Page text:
1. Home
  2. Introduction
  3. Information Cycle
  4. Investigating
  5. Searching
  6. Locating
  7. Evaluating
  8. Utilizing
  9. Ask a Librarian
  10. Acknowledgements

Utilizing

Copyright

Plagiarism is using someone else's ideas without giving them credit and is considered dishonest.

Copying, performing, publishing, or distributing someone else's work may also be illegal. Anyone who creates an original work, including books, articles, music, computer programs, artwork, movies, videos, choreography, or architectural designs, has legal protection under U.S. copyright laws. An original work is automatically protected as soon as it is created in a tangible format; it does not have to be published or registered with the Copyright Office. However, registering a copyright does make it easier to collect damages if infringement occurs.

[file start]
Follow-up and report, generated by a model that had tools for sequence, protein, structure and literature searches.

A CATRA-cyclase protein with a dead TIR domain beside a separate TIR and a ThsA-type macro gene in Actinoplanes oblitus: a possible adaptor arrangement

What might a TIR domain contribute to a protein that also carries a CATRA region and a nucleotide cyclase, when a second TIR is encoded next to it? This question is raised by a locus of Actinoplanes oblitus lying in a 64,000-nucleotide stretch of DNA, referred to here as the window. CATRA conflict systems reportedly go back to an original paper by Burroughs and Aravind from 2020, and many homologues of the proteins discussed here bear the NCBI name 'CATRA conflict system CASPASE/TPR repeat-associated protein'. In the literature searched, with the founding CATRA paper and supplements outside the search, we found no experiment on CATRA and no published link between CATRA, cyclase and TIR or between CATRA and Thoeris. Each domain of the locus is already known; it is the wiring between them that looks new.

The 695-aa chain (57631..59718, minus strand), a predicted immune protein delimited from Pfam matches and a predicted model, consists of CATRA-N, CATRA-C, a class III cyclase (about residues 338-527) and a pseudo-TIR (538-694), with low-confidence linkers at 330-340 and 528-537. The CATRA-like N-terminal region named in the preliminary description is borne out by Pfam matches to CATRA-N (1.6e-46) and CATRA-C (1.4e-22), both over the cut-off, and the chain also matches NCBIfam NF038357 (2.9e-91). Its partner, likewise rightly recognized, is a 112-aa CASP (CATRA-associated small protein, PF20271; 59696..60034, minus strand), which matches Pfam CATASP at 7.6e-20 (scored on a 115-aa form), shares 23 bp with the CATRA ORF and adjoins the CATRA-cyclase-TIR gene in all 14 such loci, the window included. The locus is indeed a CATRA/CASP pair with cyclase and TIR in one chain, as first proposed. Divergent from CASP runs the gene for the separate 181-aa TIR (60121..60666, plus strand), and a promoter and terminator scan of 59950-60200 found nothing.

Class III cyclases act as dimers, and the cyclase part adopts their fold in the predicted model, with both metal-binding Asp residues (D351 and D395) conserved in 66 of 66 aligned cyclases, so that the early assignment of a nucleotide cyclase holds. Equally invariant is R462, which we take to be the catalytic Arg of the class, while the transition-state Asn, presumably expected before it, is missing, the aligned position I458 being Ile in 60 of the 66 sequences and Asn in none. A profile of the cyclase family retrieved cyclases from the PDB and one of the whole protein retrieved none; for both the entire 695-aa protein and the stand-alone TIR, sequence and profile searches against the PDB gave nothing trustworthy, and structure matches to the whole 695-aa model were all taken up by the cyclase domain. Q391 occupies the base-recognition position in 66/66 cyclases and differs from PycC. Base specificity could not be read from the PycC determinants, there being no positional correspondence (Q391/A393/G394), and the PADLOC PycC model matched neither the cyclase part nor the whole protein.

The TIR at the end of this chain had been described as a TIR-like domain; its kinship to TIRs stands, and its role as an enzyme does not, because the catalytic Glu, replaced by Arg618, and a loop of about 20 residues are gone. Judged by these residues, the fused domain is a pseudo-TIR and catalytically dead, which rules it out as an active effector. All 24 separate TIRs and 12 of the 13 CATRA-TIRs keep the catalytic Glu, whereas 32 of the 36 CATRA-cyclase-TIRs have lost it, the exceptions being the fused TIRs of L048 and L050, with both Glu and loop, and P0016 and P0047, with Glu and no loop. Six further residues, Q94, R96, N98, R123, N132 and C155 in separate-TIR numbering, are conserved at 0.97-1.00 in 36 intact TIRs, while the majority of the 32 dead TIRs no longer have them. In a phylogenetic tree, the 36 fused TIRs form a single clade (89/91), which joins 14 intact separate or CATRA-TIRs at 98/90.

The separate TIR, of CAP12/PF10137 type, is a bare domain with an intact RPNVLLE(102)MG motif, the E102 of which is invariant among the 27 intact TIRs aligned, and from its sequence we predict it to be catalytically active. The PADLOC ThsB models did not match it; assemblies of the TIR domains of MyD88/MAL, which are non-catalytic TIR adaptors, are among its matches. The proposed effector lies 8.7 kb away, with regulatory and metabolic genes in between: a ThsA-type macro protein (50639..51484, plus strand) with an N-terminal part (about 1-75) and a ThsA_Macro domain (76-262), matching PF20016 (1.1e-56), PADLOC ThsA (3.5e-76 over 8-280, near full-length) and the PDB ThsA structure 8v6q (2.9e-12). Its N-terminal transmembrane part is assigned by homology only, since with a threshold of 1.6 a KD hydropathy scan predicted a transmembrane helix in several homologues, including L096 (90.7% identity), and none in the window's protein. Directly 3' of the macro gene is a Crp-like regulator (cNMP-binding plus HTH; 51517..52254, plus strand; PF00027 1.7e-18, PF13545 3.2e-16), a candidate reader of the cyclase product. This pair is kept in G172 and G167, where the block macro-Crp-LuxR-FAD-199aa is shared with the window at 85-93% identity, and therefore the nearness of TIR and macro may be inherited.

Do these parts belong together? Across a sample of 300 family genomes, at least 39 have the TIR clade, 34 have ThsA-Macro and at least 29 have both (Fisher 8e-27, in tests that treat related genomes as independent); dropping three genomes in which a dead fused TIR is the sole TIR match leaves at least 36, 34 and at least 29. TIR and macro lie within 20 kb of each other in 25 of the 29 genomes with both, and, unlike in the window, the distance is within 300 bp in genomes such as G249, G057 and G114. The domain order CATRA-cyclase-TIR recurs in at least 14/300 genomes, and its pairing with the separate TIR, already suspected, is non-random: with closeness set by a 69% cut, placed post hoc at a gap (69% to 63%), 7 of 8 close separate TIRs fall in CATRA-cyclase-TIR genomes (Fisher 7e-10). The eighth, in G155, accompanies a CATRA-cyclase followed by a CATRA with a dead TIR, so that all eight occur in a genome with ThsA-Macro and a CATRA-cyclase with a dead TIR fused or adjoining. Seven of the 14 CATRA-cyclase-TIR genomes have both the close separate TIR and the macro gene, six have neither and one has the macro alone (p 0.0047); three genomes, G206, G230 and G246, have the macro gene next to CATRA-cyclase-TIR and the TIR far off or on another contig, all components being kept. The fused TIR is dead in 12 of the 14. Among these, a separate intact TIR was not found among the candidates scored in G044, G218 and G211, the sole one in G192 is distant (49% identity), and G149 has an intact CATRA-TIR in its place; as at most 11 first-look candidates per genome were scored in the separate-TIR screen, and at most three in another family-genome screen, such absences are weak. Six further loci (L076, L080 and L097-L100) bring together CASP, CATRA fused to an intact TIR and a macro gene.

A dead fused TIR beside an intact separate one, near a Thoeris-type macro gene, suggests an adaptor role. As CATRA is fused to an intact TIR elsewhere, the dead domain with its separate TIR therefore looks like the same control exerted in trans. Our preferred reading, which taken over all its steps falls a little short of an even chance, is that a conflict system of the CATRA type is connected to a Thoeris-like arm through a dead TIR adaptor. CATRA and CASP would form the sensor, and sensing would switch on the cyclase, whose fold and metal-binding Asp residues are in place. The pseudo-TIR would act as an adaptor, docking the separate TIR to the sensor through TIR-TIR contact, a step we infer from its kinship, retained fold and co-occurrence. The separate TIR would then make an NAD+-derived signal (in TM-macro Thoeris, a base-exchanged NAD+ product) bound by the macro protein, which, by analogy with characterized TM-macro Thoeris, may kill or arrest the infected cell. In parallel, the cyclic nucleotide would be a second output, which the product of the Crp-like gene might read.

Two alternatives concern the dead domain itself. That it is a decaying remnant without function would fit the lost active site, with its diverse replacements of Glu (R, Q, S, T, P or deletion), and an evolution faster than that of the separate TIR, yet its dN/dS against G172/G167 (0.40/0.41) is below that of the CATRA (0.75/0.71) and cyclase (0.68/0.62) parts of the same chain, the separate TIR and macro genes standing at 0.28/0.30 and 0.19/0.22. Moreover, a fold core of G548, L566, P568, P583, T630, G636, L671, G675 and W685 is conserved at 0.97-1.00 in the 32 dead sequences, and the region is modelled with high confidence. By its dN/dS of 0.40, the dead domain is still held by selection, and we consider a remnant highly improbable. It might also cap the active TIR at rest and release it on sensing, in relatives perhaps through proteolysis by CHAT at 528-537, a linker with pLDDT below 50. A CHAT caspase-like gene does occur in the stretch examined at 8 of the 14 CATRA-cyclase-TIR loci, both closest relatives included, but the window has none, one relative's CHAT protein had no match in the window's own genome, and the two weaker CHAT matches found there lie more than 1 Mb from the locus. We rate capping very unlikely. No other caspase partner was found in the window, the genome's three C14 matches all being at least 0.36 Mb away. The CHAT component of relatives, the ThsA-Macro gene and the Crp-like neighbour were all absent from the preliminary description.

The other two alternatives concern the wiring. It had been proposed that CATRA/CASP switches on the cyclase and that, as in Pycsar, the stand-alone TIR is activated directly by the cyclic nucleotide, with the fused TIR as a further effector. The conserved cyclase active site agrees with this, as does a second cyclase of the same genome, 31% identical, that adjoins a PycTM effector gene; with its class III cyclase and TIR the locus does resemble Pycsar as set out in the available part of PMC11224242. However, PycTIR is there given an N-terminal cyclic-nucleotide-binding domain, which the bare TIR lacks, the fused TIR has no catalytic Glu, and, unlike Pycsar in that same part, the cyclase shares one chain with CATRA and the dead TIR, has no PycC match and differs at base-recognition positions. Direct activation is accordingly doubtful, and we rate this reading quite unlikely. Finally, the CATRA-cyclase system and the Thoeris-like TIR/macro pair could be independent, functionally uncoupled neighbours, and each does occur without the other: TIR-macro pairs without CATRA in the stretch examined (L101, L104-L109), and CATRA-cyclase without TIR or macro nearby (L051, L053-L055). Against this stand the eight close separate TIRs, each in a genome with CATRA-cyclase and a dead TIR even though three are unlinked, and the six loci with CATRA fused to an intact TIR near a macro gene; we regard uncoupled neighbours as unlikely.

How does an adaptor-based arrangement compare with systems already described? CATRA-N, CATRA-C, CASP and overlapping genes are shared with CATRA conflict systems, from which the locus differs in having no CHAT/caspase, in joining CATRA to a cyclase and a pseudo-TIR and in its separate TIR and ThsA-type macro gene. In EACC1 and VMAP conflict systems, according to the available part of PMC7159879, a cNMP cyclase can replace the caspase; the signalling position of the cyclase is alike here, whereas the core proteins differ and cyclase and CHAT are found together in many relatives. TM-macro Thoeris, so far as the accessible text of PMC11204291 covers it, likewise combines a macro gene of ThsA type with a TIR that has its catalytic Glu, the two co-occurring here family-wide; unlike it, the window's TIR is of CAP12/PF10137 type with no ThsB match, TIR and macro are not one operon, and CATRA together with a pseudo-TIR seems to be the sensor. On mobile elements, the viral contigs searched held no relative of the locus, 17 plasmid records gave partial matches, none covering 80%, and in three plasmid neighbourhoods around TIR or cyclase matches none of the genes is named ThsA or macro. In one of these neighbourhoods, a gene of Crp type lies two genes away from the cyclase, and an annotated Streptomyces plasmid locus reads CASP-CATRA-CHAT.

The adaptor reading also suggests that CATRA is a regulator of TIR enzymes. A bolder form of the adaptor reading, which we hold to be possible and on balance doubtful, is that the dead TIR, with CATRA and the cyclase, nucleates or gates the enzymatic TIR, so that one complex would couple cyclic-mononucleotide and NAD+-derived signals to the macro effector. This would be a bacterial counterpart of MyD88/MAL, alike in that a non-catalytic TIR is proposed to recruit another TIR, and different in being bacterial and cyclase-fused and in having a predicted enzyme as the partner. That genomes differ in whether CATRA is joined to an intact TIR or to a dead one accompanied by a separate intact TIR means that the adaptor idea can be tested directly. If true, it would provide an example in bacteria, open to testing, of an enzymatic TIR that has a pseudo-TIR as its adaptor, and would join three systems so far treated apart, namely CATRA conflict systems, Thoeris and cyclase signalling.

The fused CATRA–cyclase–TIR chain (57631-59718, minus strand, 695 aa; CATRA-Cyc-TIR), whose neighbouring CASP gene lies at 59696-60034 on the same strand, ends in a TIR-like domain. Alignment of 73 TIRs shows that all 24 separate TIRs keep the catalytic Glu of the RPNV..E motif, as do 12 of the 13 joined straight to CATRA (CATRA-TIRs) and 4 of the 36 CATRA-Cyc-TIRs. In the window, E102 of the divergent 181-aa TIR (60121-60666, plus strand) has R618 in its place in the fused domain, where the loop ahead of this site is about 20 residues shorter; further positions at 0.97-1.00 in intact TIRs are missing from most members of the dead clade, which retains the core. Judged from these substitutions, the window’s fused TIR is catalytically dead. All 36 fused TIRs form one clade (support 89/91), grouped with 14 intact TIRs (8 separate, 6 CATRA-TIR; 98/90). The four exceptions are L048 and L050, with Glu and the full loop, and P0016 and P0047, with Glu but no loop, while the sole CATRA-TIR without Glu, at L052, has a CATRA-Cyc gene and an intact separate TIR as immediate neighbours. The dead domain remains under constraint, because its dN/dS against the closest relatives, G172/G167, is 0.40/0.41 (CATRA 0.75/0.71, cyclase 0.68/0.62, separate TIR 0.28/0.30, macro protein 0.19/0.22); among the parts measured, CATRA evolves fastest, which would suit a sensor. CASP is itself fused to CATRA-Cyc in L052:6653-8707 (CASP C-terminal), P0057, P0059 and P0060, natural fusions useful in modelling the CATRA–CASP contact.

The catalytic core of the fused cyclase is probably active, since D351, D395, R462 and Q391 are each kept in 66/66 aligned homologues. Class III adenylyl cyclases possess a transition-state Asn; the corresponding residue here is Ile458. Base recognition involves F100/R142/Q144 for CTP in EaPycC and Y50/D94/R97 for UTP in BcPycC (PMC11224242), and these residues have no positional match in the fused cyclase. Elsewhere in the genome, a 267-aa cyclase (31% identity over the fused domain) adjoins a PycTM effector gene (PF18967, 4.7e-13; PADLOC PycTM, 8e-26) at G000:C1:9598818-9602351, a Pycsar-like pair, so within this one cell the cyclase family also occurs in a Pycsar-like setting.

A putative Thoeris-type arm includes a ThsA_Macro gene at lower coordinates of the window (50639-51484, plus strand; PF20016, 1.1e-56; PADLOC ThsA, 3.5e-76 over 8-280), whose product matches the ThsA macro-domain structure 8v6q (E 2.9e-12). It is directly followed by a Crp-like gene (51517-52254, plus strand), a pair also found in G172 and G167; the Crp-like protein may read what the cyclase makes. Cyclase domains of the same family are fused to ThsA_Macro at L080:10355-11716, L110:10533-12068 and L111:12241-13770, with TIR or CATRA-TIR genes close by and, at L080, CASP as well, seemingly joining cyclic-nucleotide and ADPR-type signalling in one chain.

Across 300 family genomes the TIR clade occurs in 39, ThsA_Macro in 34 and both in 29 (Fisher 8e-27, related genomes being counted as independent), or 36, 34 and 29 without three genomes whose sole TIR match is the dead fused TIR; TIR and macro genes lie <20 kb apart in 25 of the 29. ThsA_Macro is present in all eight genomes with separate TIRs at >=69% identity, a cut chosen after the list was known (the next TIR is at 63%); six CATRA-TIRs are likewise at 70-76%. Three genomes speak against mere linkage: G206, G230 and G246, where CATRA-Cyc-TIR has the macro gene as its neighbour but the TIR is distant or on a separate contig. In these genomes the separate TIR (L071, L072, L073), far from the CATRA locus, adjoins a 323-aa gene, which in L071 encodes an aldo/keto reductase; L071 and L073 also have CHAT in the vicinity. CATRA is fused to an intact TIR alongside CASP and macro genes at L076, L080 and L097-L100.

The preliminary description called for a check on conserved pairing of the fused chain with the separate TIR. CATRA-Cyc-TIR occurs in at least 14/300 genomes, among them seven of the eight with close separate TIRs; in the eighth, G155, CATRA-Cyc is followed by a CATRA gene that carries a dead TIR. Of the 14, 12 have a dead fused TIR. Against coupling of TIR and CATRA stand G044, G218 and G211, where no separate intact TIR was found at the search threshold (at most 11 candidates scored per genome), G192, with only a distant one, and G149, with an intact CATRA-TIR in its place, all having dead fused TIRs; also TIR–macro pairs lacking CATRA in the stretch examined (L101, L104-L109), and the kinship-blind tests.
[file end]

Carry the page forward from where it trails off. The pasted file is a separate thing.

Copyright has legal and often financial dimensions, where plagiarism is more a matter of ethics and academic reputation. The legal system imposes consequences for copyright violation, and an academic institution imposes consequences for plagiarism.

copyright symbol

Photo source: Notre Dame Libraries, Pot of Gold